The protection the Beatles were given rivalled that received by a president of the United States. They avoided hundreds of teenage fans at the San Francisco International Airport by landing at 5:25 p.m. at the old Pan American terminal at the northeast end of the field, more than a mile from the main terminal.

They were greeted by about 40 newsmen and photographers. Paul mocked the newsmen by repeatedly shoving a camera into their faces and saying, “Just one more, please.

From the airport, the Beatles were taken to Candlestick Park in a chartered bus. One teenager who did manage to make it through the dozens of guards was Sue Swanson, 18, of Atherton. She was almost struck by the bus as she threw kisses to Ringo Star.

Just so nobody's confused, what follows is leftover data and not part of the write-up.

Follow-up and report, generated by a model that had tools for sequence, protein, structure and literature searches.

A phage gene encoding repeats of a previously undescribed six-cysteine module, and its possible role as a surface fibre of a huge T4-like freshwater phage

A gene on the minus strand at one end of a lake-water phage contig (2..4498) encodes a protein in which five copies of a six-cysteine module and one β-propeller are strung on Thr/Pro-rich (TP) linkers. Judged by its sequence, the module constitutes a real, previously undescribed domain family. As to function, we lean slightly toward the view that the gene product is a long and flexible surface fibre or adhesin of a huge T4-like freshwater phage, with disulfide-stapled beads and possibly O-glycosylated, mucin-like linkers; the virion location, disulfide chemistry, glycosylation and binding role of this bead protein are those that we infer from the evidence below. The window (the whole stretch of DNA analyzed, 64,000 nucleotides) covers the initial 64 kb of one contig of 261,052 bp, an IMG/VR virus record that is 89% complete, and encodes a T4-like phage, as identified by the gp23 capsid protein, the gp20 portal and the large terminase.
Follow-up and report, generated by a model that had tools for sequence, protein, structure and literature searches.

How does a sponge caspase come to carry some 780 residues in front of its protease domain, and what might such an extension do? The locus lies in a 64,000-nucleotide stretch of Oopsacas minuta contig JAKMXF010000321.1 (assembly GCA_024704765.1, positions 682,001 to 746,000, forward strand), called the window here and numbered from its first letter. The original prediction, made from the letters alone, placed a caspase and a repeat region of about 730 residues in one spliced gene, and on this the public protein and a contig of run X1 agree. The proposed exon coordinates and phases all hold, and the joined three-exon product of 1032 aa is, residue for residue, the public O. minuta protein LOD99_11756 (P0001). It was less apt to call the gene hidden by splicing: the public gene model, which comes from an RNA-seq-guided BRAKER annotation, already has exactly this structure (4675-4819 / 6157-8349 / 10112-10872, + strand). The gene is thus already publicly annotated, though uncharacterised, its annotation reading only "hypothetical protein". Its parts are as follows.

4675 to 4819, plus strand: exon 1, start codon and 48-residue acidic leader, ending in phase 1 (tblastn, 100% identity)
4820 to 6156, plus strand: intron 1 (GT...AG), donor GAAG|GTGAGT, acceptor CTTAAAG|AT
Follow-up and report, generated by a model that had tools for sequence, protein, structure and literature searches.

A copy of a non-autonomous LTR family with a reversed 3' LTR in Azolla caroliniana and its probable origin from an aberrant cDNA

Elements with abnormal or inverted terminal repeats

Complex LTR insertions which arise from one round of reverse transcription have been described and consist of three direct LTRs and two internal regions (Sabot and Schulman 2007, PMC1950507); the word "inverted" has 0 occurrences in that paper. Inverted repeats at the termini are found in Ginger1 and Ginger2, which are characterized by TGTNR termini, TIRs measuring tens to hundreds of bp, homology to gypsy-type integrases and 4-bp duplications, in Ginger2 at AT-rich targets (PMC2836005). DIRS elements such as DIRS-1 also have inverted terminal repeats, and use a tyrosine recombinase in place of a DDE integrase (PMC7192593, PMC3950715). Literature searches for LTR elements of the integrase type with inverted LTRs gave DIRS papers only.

The Beatles remained in the dressing room at Candlestick while other rock ’n’ roll groups were playing. When their time came, they rushed from the dugout onto the stage. The stage, located at second base, was a five-foot platform surrounded by a six-foot high storm fence. A ring of 200 private policemen was between the fence and the grandstands. About a dozen teenagers made the traditional attempt to storm the Beatles’ citadel, but
made the traditional attempt to storm the Beatles’ citadel, but all were quickly thwarted. Only a half dozen made it onto the field but were stopped by police.

Although their fans yelled at the top of their lungs at times, they could not drown out the sounds of the lads from Liverpool as they did on two previous San Francisco visits. Only about 12 girls were treated at the first aid station, and a spokesman said none of them was “really upset, just a bit excited.”